I was lucky enough to spend a week in Israel over the holidays. Good times, good friends, relatives and parties, shopping and nightlife. All the good stuff. I absolutely adore visiting Israel, and was thrilled to have the excuse of a friend’s wedding for a fabulous trip.
Oh yeah, and a war broke out in Gaza on the morning I arrived.
Being in Israel during the start of the Gaza war was interesting in a lot of ways. For one thing – and this should come as no surprise – the Israeli press and the international media have nothing much in common.
For another thing, the black-and-white, either-you’re-with-us-or-with-the-terrorists dichotomy that’s so common among the Jewish communities in the diaspora isn’t really the picture on the ground in Israel, where three Israelis in a room will have seventeen opinions.
Certainly, the opinions of the people I know and spent time with during that week ran the gamut, from left-wing to right-wing to in-between to “just shut the news off”. Times like those, I feel it’s usually better to listen than to speak. After all, I’m not the one who lives with the situation, fights in the wars to defend the country, or otherwise has to deal with the consequences of any action or inaction. It’s not that I don’t feel like I have a right to my opinion; it’s more that the situation is more complicated than our black-and-white outsider viewpoint, and much more human. So I did a lot of listening.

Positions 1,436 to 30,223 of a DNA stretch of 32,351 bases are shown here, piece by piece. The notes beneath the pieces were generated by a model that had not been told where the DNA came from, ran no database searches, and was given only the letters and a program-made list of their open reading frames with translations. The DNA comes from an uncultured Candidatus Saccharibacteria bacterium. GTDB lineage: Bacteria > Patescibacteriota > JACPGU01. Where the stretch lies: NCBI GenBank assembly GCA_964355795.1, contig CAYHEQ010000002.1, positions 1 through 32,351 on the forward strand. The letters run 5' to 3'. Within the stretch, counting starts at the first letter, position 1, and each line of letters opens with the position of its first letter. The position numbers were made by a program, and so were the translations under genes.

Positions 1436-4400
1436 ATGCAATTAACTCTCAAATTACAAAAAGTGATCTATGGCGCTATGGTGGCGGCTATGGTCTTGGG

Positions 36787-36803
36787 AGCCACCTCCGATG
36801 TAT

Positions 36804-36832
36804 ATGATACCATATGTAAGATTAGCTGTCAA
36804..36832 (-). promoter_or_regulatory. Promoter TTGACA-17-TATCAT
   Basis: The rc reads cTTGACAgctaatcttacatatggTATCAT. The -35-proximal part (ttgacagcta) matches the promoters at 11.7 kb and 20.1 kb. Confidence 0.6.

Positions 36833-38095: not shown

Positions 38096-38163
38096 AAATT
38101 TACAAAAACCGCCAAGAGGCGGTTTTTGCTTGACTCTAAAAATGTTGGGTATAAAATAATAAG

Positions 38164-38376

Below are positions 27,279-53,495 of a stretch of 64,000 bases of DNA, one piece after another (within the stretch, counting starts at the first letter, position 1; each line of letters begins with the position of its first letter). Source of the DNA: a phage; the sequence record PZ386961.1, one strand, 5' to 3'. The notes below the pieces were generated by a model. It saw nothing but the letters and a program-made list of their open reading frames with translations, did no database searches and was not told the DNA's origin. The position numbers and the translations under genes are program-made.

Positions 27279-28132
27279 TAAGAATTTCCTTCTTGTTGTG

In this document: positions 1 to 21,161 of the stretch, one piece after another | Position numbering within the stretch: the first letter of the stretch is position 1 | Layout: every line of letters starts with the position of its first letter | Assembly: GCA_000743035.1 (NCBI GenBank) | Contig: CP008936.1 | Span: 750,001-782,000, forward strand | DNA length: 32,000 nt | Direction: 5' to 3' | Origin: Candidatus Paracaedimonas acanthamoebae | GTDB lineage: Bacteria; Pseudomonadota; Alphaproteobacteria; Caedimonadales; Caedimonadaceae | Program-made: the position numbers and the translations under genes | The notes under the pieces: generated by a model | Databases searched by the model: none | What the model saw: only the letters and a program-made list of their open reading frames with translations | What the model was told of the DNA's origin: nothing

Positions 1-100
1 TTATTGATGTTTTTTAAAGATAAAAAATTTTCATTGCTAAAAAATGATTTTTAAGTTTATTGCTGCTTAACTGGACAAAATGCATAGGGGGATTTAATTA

The blogosphere has certainly been active, of course. On the left, Lisa Goldman has some of the most important, sensible commentary that nobody wants to hear right now. Which is exactly why you should read it, agree or disagree. I know I’ll get flak for this, but I’m posting it anyway. Actually, that’s probably why I feel the need to post it.
For what is probably a more mainstream perspective, Imshin has been a must-read lately.
Meryl Yourish has had daily round-ups on her blog, for those looking for more frequent updates.
The latest PR tactic on Facebook? QassamCount, a “donate your status” app that updates automatically with the count and location of rockets launched into Israel.
Mostly, my thoughts are for the safety and security of the IDF soldiers on the ground, of the people living in Sderot and Ashkelon and Ashdod and all the other places within range of rocket fire, of civilians on all sides of the conflict, and of everyone who lives with the threats and instability.